Thursday, 6 June 2013

Clouds (Sky Sheep)

So, it took some convincing to get both girls to the point where they accept that clouds are indeed made of water and not of fluff (and most disappointingly not of cotton candy, which I was able to debunk by pointing out it's lack of pinkness). I can't take all the credit - the Cyberchase weather watcher episode on fog may have helped a bit, because that's just a cloud on the ground. This doesn't explain the variability of clouds though - different shapes, degree of fluffiness (which isn't, but should be, a cloud measurement scale) and what Bunny asked about - colour.

Now, while I am not in any way a weather expert, I am a sailor. Which means weather has always been an interest, because when you are in the middle of a lake with a large metal pole you might want to know when lightning is coming (especially while in charge of other people's children who also have metal poles). I know which shapes of clouds mean a lovely day of sailing and which ones means get your butt back to shore. But what's with all the different shapes and colours if they are all just made of water? Bunny is not the first to wonder this - the first International Cloud Atlas was first published in 1896 (not to be confused with that recent movie that really has nothing to do with clouds at all).

The colour thing is pretty simple actually - density. Because clouds are made of water or ice crystals they break up light on it's way through which combine to make white (all light colours together make white - which by the way doesn't work in paint or playdough, that makes weird grey-mud-brown). When the clouds get thick or piled up then the light doesn't go all the way through and it looks darker - so nothing really changed composition wise, there's just more of it. If you get a whole bunch of clouds together they can also shadow each other creating an even darker or variable look.

Cool Aside Thing: When the light doesn't make it all the way through the water droplets in the atmosphere and bounces around in them, it breaks up into individual colours and we get rainbows. The water acts like a prism (think Dark Side of the Moon album cover but with a water drop) and reflects the light back at us all pretty and happy.

Now, shapes. This has also to do with density and also where they are in the atmosphere. I have borrowed this handy kid-friendly cartoon chart for some shape basics:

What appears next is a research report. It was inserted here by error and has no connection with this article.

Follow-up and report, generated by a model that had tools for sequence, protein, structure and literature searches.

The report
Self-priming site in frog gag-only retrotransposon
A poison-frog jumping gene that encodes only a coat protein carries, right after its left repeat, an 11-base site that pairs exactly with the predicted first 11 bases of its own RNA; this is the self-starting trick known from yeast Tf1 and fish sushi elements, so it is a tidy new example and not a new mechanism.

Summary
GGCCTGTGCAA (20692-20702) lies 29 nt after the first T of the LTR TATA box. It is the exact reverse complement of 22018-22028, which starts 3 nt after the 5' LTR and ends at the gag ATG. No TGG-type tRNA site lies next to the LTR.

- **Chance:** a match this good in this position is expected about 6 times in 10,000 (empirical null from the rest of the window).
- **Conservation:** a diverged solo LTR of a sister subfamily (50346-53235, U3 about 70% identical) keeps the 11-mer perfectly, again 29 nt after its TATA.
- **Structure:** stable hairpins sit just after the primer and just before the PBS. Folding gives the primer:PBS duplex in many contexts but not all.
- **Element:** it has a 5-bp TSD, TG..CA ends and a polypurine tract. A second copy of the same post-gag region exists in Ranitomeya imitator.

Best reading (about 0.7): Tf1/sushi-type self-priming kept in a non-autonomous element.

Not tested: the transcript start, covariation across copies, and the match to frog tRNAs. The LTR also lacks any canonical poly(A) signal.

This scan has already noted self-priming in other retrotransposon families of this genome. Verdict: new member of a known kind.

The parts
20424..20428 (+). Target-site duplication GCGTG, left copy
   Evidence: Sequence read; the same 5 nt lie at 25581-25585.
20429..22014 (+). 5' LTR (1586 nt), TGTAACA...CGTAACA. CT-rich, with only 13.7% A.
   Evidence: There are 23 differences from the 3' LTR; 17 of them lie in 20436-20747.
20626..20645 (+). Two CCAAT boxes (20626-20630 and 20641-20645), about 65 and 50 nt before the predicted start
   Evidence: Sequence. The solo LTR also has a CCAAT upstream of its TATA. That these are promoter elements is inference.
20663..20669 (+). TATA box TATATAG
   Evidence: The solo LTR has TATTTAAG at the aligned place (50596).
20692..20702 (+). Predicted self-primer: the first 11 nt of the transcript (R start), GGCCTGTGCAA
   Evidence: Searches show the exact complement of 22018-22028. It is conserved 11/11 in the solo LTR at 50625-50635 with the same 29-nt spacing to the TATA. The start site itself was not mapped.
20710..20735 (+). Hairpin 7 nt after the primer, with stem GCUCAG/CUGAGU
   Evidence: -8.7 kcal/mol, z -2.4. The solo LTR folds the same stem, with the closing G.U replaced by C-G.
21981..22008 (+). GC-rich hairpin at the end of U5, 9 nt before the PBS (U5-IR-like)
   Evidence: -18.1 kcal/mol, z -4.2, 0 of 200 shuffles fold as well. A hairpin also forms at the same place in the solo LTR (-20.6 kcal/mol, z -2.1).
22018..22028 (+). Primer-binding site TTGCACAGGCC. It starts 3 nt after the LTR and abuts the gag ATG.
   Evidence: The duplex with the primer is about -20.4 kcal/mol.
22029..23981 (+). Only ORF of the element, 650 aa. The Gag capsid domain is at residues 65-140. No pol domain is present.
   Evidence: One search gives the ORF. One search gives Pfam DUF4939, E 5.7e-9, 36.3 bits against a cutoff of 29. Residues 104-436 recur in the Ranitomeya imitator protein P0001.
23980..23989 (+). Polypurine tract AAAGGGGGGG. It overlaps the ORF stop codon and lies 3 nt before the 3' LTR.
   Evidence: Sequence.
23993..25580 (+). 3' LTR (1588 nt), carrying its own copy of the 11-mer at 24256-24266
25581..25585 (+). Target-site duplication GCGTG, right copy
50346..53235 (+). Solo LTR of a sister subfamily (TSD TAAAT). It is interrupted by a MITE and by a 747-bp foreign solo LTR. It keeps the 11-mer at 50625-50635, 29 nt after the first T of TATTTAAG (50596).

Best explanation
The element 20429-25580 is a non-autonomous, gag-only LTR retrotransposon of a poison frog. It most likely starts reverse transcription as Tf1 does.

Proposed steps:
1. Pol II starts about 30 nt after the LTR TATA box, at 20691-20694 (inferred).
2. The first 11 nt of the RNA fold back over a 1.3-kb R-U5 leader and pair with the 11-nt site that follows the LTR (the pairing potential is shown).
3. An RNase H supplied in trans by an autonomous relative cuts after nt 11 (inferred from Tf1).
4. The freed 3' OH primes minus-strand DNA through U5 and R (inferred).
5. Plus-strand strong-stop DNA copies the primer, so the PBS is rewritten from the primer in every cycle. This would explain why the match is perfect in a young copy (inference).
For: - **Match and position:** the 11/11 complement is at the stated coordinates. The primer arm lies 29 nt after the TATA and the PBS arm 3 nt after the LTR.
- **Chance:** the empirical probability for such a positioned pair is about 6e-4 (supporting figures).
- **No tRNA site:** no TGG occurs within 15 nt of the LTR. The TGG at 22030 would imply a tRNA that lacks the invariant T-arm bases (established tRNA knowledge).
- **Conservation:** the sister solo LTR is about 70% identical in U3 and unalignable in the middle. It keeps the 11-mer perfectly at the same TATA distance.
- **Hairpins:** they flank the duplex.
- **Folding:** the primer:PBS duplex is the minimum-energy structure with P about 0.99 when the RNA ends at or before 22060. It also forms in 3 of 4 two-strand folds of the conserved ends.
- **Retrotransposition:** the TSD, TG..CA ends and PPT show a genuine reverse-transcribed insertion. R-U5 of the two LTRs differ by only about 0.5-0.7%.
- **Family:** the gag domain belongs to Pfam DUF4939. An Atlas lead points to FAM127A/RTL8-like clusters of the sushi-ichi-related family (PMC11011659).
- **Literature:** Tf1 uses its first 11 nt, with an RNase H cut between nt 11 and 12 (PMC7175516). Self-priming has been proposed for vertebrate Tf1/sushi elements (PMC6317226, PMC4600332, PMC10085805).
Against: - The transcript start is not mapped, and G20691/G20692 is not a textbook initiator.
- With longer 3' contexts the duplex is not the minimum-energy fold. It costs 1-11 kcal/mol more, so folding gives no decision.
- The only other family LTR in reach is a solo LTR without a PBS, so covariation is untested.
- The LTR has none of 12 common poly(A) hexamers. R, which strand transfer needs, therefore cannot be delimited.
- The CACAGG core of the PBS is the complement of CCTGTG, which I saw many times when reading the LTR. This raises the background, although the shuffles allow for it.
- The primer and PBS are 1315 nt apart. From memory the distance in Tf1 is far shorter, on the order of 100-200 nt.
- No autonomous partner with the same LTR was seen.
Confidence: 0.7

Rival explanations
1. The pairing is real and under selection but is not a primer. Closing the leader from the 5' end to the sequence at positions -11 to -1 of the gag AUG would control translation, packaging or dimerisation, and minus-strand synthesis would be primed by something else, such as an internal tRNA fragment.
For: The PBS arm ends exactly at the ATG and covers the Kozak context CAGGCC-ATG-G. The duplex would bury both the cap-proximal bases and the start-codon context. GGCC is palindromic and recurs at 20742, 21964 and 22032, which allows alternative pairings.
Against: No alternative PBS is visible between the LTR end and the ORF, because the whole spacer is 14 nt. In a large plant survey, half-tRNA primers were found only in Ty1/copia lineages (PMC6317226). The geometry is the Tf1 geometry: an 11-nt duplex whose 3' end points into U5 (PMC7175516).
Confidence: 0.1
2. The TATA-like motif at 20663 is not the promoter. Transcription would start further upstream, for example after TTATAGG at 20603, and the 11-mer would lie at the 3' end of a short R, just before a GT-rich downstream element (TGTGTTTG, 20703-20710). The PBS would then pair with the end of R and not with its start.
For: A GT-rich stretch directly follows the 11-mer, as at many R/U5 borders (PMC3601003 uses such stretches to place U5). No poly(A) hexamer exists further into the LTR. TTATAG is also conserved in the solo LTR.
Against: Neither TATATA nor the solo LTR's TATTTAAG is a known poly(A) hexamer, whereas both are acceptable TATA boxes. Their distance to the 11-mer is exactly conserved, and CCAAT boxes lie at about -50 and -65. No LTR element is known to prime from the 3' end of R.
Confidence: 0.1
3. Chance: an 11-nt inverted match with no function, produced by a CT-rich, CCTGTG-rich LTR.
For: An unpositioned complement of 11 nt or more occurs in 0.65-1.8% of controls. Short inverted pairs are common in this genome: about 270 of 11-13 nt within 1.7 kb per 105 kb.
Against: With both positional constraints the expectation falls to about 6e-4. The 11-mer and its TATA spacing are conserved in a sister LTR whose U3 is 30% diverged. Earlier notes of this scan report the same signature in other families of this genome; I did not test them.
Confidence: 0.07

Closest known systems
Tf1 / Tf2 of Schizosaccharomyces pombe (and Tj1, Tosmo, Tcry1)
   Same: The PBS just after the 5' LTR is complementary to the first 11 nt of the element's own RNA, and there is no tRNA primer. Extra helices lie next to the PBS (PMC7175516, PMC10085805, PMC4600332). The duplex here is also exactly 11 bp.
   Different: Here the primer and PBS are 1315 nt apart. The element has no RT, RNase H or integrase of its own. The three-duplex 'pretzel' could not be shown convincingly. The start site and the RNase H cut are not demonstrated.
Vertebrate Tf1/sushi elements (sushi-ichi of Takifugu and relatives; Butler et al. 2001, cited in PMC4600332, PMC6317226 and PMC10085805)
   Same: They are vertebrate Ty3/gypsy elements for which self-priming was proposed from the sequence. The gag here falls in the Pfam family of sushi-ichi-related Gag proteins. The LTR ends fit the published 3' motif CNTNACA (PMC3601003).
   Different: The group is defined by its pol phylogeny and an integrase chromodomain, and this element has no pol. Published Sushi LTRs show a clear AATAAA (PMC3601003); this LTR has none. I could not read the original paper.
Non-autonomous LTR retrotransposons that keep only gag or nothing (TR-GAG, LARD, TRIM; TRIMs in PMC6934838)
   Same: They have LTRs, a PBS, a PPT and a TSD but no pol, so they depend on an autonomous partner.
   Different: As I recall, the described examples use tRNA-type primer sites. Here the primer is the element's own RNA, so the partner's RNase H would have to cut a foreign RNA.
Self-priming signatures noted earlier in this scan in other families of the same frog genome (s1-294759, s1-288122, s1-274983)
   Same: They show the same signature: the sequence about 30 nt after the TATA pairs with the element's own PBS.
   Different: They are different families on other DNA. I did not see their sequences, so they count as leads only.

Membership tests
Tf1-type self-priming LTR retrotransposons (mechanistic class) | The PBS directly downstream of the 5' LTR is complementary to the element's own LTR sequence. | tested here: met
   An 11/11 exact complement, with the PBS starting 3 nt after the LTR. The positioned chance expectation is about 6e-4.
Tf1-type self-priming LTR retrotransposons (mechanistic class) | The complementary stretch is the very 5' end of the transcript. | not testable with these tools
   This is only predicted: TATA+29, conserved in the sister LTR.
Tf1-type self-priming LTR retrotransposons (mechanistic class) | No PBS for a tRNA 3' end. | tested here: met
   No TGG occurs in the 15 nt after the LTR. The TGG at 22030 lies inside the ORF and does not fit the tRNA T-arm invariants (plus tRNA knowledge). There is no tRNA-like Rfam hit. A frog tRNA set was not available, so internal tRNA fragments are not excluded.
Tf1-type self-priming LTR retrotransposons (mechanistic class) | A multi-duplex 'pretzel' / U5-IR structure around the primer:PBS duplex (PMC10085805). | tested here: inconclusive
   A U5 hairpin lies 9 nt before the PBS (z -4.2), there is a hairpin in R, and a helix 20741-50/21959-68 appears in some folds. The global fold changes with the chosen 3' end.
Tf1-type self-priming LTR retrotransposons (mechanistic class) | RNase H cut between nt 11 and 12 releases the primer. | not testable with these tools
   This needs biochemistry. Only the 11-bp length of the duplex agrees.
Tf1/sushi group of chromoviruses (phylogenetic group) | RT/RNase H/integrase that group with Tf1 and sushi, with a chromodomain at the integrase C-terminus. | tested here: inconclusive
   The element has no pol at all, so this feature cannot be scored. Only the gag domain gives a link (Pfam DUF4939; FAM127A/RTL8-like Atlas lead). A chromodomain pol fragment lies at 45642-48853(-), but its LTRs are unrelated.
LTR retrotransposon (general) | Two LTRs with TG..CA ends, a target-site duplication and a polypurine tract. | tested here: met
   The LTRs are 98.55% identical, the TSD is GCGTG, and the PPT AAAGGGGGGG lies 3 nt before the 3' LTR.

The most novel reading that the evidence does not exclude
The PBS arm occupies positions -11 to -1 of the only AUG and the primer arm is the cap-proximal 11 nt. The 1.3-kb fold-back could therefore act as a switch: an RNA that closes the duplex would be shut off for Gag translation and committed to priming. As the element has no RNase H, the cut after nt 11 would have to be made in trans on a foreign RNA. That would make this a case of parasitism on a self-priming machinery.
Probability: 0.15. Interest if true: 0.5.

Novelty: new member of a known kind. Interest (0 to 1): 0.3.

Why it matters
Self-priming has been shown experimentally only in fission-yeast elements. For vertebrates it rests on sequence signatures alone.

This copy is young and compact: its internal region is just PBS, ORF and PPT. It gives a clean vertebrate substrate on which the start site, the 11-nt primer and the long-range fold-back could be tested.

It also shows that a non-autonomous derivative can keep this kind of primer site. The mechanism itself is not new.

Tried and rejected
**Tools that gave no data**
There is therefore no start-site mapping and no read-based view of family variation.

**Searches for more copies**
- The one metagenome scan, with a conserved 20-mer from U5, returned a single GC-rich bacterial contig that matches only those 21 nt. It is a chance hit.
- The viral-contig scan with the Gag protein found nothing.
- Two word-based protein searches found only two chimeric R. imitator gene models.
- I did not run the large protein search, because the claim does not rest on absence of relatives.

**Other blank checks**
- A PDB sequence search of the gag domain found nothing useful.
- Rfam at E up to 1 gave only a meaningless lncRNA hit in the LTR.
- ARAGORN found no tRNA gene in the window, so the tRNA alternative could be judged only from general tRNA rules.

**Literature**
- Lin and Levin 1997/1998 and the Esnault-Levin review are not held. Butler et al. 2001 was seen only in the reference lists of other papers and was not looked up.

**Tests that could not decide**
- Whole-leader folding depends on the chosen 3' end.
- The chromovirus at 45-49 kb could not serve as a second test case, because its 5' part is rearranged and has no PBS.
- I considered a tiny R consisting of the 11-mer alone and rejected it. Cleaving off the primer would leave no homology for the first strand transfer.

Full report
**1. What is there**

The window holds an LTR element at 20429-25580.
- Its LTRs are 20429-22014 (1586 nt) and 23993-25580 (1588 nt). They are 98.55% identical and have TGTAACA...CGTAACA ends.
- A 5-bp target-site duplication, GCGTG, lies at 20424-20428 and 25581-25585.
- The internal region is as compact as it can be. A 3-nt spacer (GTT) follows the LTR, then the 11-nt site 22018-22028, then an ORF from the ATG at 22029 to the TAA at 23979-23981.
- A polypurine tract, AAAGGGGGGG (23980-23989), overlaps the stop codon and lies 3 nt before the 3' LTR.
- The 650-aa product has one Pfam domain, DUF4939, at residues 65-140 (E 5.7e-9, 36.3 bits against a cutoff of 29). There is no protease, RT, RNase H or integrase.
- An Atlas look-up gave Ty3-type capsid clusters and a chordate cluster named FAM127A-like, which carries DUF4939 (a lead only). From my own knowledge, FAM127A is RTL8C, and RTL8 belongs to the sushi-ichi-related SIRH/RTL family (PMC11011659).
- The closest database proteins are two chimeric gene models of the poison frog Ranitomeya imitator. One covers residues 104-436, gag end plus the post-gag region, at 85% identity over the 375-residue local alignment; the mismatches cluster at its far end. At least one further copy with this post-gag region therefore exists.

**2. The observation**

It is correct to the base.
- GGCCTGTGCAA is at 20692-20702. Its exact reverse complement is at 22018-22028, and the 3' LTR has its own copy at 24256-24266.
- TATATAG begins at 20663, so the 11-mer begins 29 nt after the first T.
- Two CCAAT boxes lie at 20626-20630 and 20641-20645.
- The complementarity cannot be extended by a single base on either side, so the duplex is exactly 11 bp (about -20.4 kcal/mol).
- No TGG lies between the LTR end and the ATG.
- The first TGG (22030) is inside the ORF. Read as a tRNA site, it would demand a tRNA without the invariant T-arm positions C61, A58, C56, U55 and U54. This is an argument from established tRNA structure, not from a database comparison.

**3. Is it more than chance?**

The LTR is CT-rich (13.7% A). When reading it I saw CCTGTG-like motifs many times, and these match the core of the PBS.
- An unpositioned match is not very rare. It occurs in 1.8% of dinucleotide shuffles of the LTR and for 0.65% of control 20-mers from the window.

See that tall puffy guy there on the right? He's the one that tells you to get your boat to harbour and make some popcorn for a light show. The other guys are pretty friendly. Now, before we get into any discussion about the above I'd like to put a disclaimer for any meteorologists reading this - I know there are sub-types and jargon and more classifications than this but we're not going to go there, ok? OK! There is an awesome cloud poster HERE from Environment Canada though if you want a bit more detail or just a cool ID poster for your wall to go next to your bird one.

A bunch of the names there are combos of each other which can't possibly be a coincidence, so here's why:
Cirro: curl, high
Strato: layer
Cumulo: heap
Alto: mid 
Nimbo: rain, precipitation    

So see - our cumulonimbus thunderbuddy there just means "heap of rain" cloud. Which is actually a pretty accurate descriptions of our last few weeks here, in which I sailed boats in my office parking lot. Today was very gray so it's a sky full of stratus, which decided to start raining right when soccer started, so I suppose if I look at my list below they were nimbostratus, but that's not fair because you haven't read that far ahead and now I'm cheating.

Quick overview of the main cloud types:

These are the flat gray clouds that often make up what we would just call a "gray day" - no sky visible at all. Like a sky fog - covers everything. Sometimes they drizzle.

Dark gray and rainy looking, and often are rainy and that's why they are nimbos - that continuous light or steady rain that lasts a while. This was soccer today - steady (and windy, but we're not doing wind).

Wispy clouds that get blown around like streamers. Way up high and these are happy nice weather clouds. If you've got these your picnic is A-OK.

Happy picnic clouds

Gray and poofy. They can mean thunderstorms are coming later, particularly in the summer.

Gray and cover the whole sky, but higher than the stratus ones. More rain forebearers.

Little puffballs, like someone flung a bunch of cotton swabs up there. Sometimes they look like fish scales in which case you can call it "mackerel sky". I have no idea why a mackerel, it does seem an odd fish to choose. I feel like for here we should use "trout sky" or "bass sky". Maybe "salmon sky".

Fishy sky

Really thin white clouds covering the entire sky.

These are your lying on your back looking at shapes clouds. Big, puffy and shaped like dragons, trains, and sheep (I really like sheep). The only bad thing about these guys is sometimes they get together and can turn into the next ones, which is awkward if you are doing your cloudwatching far from shelter.

Sky Sheep!

Thunderstorm! Big and tower or anvil shaped. The bottom is dark gray, and sometimes you can see the sheets of rain coming down (and towards you). The condensation of all that water produces energy and then we get lighting, thunder and tornadoes. If you see this one remember to put down your deck umbrella.


Now, don't get me wrong, I love a good thunderstorm in the right situation. That situation is not on a boat with a large metal pole or in a small tent that is falling over, because I've tried both of those and I don't recommend them. I prefer a cup of tea and being on the inside of a large window.

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